What started as a family garden in the 1970s now is a 650-acre livestock operation

Robert and Susan Salmon began their farming journey with a family garden. The couple, who married in 1974, explained it was a matter of quality over quantity at the time.

By the early 1980s, their garden expanded past the point of what their land could handle so the couple moved their family of six to a 55-acre farm near Appleton City, Mo.

Since moving to the farm in 1982, the Salmons have added to the land a little bit at a time, growing the operation to 650 acres. They now graze more than 250 head of cattle, some of which are part of a custom cattle grazing enterprise, and they raise 140 North Country Cheviot sheep.

“It’s just something I always felt I wanted to do,” Robert said. “So we started out small. This was our next step here and we’ve been fortunate enough to add ground over the years. It just keeps growing.”

Robert, a first-generation farmer, explained that his success can be attributed to the power of reading, a positive mindset and good ole trial and error.

“When we first started out, as we grew into it, we did a lot of diversified stuff,” Robert explained. “We did some row crop, we did sows and pigs and cattle. We developed over the years into a grazing operation.”

As they started to better manage their grass, Robert studied Jim Gerrish’s work with management-intensive grazing. The Salmons started experimenting with grass management by subdividing their first pasture in 1987 and Robert said that’s when his operation started to take off.

By focusing on how the grass was grazed and how much residual he was leaving, Robert saw he could grow more grass without additional inputs. This equated to more profit per acre.

“You really are able to up your stocking capacity of your whole entire farm by managing your grass,” Robert said. “Doing more with the resources you have.”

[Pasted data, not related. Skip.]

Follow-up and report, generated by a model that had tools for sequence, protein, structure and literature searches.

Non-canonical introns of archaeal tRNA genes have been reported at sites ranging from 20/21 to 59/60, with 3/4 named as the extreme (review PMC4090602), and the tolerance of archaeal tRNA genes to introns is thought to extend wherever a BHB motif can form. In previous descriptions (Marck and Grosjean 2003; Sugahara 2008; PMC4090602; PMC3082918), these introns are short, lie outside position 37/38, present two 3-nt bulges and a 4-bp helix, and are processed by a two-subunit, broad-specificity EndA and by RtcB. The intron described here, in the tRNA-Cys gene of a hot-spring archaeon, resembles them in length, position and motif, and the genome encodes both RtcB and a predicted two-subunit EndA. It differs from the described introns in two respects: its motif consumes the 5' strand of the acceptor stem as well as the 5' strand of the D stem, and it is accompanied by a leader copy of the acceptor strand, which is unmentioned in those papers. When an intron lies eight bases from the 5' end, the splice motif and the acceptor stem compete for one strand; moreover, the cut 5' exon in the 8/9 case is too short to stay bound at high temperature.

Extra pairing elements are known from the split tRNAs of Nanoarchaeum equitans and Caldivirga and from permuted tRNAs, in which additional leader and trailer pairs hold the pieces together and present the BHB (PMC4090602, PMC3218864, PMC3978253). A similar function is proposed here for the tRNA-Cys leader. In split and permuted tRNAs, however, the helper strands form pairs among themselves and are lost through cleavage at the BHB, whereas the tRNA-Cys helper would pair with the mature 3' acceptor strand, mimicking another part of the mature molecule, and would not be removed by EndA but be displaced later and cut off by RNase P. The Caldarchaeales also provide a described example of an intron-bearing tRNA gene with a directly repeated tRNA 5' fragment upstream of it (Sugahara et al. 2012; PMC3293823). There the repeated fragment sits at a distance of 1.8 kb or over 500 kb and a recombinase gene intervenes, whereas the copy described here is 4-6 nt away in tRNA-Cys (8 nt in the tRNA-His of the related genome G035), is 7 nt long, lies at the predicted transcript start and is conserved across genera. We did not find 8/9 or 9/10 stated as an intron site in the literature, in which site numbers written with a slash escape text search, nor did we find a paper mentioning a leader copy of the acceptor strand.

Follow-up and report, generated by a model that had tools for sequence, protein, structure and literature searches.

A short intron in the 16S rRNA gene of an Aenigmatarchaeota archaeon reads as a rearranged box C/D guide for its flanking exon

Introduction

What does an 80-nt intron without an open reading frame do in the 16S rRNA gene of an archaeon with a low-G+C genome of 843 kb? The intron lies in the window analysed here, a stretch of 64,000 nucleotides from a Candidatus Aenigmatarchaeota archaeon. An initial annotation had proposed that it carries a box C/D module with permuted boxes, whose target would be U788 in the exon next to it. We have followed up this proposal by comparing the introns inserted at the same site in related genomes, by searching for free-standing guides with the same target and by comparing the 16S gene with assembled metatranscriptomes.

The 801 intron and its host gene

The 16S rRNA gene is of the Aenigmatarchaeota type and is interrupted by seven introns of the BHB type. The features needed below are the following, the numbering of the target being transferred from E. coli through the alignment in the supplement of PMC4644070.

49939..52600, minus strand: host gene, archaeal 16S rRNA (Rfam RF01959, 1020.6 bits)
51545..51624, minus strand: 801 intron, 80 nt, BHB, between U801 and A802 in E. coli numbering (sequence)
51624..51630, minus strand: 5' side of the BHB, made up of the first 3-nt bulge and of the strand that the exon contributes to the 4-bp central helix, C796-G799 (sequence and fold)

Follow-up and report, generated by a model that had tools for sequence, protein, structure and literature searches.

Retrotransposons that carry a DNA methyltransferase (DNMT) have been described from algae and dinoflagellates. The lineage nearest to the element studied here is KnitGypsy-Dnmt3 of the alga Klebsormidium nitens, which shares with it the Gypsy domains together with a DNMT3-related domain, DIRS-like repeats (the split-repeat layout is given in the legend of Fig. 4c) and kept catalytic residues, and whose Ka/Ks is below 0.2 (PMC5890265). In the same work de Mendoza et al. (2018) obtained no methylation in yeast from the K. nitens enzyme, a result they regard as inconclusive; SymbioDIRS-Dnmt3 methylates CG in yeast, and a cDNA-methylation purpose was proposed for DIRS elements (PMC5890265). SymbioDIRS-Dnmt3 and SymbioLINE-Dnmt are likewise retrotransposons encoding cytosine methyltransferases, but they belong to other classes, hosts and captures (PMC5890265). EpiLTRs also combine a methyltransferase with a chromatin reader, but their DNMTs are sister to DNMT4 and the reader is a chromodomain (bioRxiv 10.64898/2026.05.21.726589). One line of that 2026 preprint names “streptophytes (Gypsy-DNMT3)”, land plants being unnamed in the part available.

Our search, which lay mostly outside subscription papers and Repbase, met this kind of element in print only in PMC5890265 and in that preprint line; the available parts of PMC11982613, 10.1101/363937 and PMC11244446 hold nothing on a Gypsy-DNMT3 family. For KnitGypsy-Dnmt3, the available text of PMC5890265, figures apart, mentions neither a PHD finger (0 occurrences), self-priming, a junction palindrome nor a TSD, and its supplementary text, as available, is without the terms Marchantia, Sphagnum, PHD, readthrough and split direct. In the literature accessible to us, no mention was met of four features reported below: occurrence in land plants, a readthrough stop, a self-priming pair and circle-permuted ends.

The family divided their land into mostly 10-acre paddocks with high tensile fencing for their cattle and sheep to graze. They put permanent fences into place with a small amount of temporary fence which are used on a seasonal basis. The Salmons then installed piped water sources for the livestock in each paddock.

Robert rotates the cattle and sheep before the grass becomes too short. This could be a rotation of every day or every other day, depending on the grass’s condition.

As he explained, grass cannot grow back quickly if there isn’t an adequate amount of leaf area left to capture sunlight and protect the soil. Thus proper monitoring is a vital step in the managed grazing process.

When looking at the health of the environment and soil, Robert closely monitors the area for dry conditions. In the past, the Salmons have had to sell their cattle due to a drought. His sheep are the last thing he will sell due to their resilience to a dry environment he explained.

Thankfully, so far this year his paddocks have seen enough moisture to keep them going this summer.

“We’ve been affected by three or four droughts over the years,” Robert said. “It’s just a cyclical thing. We’re dry right now. We’re not in trouble or anything, but we are dry right now.”

How the grass is cared for and the condition it is in will affect his operation year to year. Therefore Robert takes great interest in seeing how the grass responds to the soil and the environment in different conditions throughout each season.

Additionally, Robert has also had opportunities to see how well the ground will heal itself when adding onto his operation.

“We had areas that we bought that had been extensively grazed and were gullied and rutted and everything,” Robert said. “And after a few years of management-intensive grazing the gullies are gone. The grasses are better. … You see results pretty quick.”

After farming for more than 30 years, Robert understands the struggles one can endure when first starting out as well as the environmental challenges along the way. However, he explained that individuals who want to break into the farming business or management-intensive grazing should not lose hope of doing so.

“You don’t have to have a huge amount of inputs,” Robert said. “You don’t have to have a huge amount of machinery. It’s not demanding. It’s very profitable. So it’s not something you have to quit because you physically can’t do it. It’s something you can carry on with in your older years.”

When looking toward his future, Robert said he hopes to keep managing his farm under the same grass grazing techniques. And he’s also excited to see both of his sons continue to manage their own successful farming operations under the management-intensive grazing he has become so passionate about.


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